Vancouver’s Health Initiative for Men (HIM) is applauding the inclusion of gay men’s needs in the BC government’s recently released guidelines for its expanded STOP HIV/AIDS program.
“I was pleased to see that they have made some acknowledgment of the impact it has on men who have sex with men [MSM],” says HIM executive director Wayne Robert. “We feel that is a positive development.”
The guidelines, released in January, will help provincial health authorities set their priorities for the program’s local implementation.
Originally begun as a pilot project in Vancouver and Prince George three years ago, the Seek and Treat for Optimal Prevention of HIV/AIDS (STOP HIV/AIDS) program received a funding boost last November of $20 million annually to expand provincewide.
The new funding, set to begin April 1, is expected to help regional health authorities better engage the broader community and specific at-risk groups in HIV testing, outreach and treatment.
“The framework has many principles that we agree with,” Robert says. “I think it’s good that they are being so concrete about specific targets.”
The new guidelines specifically acknowledge that men who have sex with men continue to account for the majority of new HIV infections in BC.
“That’s a really critical point that’s been made strongly in this document,” Robert says.
The guidelines stress the importance of community collaboration in designing and implementing services to engage men who have sex with men.
The guidelines also note the importance of distributing condoms and clean needles to reduce the risks of HIV transmission.
“It certainly gives a lot of credit to the work we’ve been doing already. It’s an endorsement of what we’ve been doing with our condom distribution initiatives,” Robert says, noting that HIM distributes approximately 150,000 condoms annually, many through local bars and nightclubs.
“When the seek and treat started, it was just that — seek and treat. This has gone beyond,” he says. “It talks about public education, it talks about harm reduction, it talks about stigmatization, it talks about prevention programs.”
Robert says he’s pleased with the guidelines, though it remains to be seen how local health boards will implement them.
The chair of Positive Living BC applauds the guidelines’ inclusion of men who have sex with men for testing and service delivery. “But how do you educate that population?” John Bishop asks.
Bishop says a more in-depth initiative is needed.
“It is good as far as it goes, but it doesn’t go far enough,” he says of the STOP HIV/AIDS program.
“It is not enough to stop the spread of HIV among young MSM,” Bishop says. “We are not seeing a reduction in the number of new HIV infections in this community. The goal of STOP HIV/AIDS is to increase testing, but that simply isn’t enough. Young gay men need education and information around safer sex practices and to be made aware that this disease is not over — not by a long shot.”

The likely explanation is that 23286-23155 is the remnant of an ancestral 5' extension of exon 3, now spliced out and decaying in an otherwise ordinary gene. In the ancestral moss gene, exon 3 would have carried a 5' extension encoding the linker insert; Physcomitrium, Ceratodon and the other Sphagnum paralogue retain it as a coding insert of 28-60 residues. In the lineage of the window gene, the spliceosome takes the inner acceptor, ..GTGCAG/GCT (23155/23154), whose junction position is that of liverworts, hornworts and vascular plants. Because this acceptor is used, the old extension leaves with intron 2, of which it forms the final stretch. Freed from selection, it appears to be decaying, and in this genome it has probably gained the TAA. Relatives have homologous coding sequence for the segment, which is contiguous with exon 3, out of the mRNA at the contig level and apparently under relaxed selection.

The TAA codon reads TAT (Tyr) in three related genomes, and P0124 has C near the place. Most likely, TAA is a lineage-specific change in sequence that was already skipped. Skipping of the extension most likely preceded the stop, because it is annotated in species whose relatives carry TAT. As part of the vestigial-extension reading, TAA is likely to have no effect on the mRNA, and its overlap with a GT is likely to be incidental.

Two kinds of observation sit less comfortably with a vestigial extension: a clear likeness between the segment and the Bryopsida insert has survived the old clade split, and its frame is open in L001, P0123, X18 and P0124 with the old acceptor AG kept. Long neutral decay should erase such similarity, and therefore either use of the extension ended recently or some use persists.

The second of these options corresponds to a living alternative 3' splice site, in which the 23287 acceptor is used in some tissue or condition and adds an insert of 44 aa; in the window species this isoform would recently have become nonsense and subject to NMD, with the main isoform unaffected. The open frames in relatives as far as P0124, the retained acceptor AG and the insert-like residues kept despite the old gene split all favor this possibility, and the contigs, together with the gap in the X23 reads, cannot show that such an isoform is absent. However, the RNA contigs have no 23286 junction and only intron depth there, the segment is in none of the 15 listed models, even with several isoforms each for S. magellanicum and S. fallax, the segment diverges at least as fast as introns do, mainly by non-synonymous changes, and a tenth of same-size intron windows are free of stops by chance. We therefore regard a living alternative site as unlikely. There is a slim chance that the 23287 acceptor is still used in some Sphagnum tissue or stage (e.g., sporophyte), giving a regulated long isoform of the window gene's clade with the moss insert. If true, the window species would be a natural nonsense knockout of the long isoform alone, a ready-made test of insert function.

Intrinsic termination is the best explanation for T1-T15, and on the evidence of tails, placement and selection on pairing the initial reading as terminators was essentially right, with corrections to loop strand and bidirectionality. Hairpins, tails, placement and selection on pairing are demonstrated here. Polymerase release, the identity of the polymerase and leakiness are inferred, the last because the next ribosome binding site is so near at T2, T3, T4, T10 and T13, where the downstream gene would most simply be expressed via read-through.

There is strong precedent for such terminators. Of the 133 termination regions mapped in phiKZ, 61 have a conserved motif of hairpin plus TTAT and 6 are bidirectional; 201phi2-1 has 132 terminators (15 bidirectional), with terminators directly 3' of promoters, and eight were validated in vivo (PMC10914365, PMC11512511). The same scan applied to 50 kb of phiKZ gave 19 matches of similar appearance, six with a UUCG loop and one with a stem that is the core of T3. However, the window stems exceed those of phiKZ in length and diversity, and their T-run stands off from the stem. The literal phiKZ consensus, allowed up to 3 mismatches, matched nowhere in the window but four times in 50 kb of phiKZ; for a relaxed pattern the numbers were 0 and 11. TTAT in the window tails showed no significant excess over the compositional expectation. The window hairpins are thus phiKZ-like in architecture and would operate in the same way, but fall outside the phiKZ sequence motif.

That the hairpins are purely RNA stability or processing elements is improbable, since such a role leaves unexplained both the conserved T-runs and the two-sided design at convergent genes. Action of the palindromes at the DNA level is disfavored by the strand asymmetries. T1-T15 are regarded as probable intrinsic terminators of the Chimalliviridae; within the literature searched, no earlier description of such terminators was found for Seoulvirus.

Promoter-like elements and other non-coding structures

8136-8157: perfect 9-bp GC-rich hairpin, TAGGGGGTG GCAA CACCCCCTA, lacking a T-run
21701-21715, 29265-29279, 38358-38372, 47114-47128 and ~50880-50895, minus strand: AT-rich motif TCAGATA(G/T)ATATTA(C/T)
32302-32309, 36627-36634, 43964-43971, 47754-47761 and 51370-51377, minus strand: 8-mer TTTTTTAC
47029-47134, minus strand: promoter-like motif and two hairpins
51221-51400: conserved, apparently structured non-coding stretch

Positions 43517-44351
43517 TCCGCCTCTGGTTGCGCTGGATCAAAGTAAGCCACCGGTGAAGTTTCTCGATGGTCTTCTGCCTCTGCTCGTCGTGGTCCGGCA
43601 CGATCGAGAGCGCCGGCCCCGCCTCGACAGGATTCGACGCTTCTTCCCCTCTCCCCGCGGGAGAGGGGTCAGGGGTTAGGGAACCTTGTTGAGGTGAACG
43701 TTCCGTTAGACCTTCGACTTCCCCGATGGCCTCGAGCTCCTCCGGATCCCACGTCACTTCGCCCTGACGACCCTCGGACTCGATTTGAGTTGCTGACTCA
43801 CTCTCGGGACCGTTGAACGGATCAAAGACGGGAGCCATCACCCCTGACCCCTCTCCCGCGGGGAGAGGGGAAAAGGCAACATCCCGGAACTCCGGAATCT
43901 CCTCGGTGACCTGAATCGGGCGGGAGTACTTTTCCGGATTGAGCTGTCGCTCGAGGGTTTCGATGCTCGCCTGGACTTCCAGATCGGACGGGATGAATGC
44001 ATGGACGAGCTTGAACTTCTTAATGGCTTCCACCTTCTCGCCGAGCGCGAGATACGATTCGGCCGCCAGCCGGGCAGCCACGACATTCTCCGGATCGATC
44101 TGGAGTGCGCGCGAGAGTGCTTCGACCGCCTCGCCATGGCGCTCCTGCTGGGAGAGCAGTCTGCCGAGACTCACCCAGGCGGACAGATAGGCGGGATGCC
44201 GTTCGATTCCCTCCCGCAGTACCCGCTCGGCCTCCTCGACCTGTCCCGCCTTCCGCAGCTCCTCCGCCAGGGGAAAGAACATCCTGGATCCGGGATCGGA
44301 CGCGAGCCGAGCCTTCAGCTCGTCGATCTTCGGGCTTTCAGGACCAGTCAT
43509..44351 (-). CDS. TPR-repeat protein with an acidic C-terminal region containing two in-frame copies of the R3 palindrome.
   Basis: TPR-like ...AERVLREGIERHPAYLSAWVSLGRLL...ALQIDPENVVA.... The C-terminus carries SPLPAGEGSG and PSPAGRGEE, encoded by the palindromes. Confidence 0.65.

Bishop says the BC government’s vision of an “AIDS-free generation” is unrealistic.
“I have a lot of trouble with the language being used,” he says. “Language like ‘It’s different now’ and ‘an AIDS-free generation’ creates a false sense in the public that HIV/AIDS is over and done with. It isn’t. I think this type of language does a huge disservice to the HIV/AIDS community.”
A spokesperson for the Ministry of Health says the goal is not so far-fetched.
“We feel that the incorporation of treatment as prevention into the existing array of prevention-based HIV modalities — such as condoms and needle distribution and recovery, along with better reach and engagement of British Columbians in HIV testing and care — will result in us achieving this vision,” Trish Rorison says.
“Since the advent of highly active antiretroviral therapy — and due to the dedicated efforts of community, regional health authorities and the BC Centre for Excellence in HIV/AIDS — we have virtually eliminated mother-to-child transmission in the province and reduced AIDS case reports by approximately 80 percent,” Rorison adds.
Bishop says more funding, resources and targeted education are still required if BC hopes to reduce the high HIV transmission rates among gay men.
“Education has to be a key piece in this, for youth and the public at large,” he says. “The fact is that they have to educate people about gay sex before people engage in gay sex.”
“Preaching doesn’t work. It’s fear-based. It simply does not engage the community we need to engage,” he says. “We’re failing this new generation miserably by not fully educating the young gay male.”